Working with independent restaurateurs and their beautiful restaurants in the Dinova Marketplace is very rewarding. Corporations, restaurateurs and Dinova folk pool talent, passion and teamwork that prosper restaurants, save corporations money, and provide business travelers amazing regional dining experiences while on the road for work, I have a special fondness and respect for the restaurant owners and operators with whom I work because they are always experimenting with their art, they work hard and respect the numbers.
As a kid, I once took a test that said people who like what I like I become chefs (among a handful of other things, like police officers, but that’s a different tale). I do not recall what the similarities were, but I am confident that at the top of the list was a love of the artistry in things. For a year or so of college I was an art major, but, alas the inspiration to create art was not a driving force but experiencing art lights my heart on fire. In my work at Dinova, every day and especially on Fridays, I get to witness an amazing regalia of beautiful dishes on parade as restaurateurs display their wares on social media. Spectacular colors and shapes, and my mind’s recollection of delicious meats, seafood, fruit and veggies are an epicurean adventure. I can smell the glory from my computer.
You can’t luck your way to success in the restaurant business. It requires hard work, hustle, an incredible chemistry of personalities working together with strengths and weaknesses to pull off the brilliant (imagine perfect French Fries). I admire work. There is dignity in work. Work is fun (for the most part). My dad was an entrepreneur and a hard worker. He would come home after work, run from his car into the house, change into his work clothes whooping it up with “Ha-Haas” and “Hee-Hees!” I can hear his footsteps in my head—it makes me smile. Then he would run out outside, day after day, year after year to work on his passions (cars, burning things and such). Work is good. I respect the work that goes into the restaurant business.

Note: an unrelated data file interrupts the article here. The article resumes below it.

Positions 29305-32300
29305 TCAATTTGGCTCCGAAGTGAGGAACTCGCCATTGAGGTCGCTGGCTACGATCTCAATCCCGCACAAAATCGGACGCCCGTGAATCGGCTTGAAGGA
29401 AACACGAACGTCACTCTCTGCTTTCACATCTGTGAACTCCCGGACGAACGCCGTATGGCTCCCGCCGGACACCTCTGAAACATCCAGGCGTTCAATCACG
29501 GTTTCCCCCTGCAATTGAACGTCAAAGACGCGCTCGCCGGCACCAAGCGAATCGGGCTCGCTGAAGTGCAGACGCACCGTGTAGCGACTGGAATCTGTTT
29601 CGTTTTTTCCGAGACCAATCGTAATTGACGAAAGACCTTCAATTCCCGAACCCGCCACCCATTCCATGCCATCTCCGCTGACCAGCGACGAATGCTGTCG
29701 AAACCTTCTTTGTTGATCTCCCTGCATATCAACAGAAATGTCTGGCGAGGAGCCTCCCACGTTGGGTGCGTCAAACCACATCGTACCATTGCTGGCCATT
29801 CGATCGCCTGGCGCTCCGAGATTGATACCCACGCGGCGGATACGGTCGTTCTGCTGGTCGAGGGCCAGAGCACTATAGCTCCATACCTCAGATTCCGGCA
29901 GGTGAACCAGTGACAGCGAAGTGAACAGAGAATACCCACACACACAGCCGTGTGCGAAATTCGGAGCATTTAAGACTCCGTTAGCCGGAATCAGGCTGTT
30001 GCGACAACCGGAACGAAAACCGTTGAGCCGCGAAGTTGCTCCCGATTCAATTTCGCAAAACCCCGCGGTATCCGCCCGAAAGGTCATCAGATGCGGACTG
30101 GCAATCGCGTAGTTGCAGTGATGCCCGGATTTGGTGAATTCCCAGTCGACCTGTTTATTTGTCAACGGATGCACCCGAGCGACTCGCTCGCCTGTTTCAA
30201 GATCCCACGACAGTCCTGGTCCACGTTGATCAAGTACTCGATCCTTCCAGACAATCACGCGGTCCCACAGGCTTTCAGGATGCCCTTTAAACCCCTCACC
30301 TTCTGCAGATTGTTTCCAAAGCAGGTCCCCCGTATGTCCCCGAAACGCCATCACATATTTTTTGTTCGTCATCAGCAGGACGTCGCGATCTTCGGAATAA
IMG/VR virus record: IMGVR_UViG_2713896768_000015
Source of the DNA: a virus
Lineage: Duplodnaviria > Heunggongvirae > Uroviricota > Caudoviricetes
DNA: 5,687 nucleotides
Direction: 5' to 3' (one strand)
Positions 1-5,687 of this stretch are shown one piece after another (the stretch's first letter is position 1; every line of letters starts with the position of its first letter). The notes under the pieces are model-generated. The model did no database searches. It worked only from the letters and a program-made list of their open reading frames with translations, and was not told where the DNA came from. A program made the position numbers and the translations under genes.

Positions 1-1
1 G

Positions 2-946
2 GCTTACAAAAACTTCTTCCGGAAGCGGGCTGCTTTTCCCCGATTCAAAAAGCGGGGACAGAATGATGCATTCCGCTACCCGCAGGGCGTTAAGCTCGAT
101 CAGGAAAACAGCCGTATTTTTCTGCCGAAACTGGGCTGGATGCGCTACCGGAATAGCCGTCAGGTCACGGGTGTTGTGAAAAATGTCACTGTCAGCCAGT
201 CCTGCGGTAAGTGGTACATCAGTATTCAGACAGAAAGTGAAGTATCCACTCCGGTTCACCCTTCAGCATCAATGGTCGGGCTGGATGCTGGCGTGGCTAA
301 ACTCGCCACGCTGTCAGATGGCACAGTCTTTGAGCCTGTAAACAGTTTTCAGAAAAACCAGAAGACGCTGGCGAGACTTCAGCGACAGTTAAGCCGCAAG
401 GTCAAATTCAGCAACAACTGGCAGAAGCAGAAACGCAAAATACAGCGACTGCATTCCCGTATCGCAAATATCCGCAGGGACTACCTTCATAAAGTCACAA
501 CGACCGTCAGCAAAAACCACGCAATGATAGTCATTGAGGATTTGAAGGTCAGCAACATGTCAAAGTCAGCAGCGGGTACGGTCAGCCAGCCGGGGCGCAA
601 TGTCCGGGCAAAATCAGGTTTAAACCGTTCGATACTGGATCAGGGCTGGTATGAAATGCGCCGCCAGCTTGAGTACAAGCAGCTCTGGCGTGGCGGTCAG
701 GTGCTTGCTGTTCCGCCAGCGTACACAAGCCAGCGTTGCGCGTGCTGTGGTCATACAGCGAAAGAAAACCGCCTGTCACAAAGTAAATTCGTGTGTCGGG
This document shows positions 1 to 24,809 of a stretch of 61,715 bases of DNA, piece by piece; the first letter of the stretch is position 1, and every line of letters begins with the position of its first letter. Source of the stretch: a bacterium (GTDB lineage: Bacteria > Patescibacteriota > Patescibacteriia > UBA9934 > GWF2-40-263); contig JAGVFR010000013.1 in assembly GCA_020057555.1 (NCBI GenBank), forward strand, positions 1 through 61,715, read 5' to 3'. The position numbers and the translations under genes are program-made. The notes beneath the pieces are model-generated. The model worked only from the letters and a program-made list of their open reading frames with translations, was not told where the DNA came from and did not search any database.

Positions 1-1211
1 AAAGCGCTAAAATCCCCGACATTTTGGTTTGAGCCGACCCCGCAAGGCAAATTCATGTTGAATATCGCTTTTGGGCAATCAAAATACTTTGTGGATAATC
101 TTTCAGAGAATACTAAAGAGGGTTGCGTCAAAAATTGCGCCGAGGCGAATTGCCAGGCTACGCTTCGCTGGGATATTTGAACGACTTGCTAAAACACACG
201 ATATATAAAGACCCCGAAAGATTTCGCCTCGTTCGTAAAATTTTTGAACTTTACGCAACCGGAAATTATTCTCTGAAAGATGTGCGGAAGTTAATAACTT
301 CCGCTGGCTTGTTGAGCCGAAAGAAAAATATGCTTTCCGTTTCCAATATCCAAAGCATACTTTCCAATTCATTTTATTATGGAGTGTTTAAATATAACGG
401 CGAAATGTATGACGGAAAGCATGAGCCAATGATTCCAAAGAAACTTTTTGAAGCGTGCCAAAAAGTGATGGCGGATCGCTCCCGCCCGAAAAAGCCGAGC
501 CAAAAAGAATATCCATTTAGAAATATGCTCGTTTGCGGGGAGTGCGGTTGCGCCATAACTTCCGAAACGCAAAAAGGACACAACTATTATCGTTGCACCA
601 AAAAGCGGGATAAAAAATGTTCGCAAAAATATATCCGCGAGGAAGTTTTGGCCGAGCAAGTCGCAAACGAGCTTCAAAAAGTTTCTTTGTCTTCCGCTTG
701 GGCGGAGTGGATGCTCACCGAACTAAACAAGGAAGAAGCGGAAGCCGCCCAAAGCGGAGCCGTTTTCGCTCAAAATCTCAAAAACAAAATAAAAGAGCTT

Clearly numbers are important in measuring success for any business. Dinova restaurant owners and operators want to be able to measure their success with Dinova companies. Even though I’m not a numbers gal, I respect numbers. For ten years I had the good fortune to work with a top compensation survey company, selling compensation survey data to technology companies so they could attract and retain top talent. I learned how valuable numbers are in seeing reality. Numbers can uncover fascinating stories about growth, appropriate targets, what’s working and what isn’t. Numbers at Dinova restaurants indicate higher transactions, weekday business and growth as more and more business travelers become aware of and choose to dine at Dinova restaurants. That’s what we want to see.
Dinova is built on an uncomplicated business model. Companies direct their employees to use specific restaurants when using a corporate credit card on the job. This would include admins and meeting managers ordering for office events and executive dinners, as well as business travelers on the road for work. Since dining is part of the overall work and travel experience that helps motivate and retain top talent, companies have a strong incentive to promote Dinova restaurants in their travel programs. Plus, it saves them money. As companies pour more of their dining spend in to Dinova restaurants, restaurants see this profitable expense-account diner segment of their overall market grow. Everybody wins.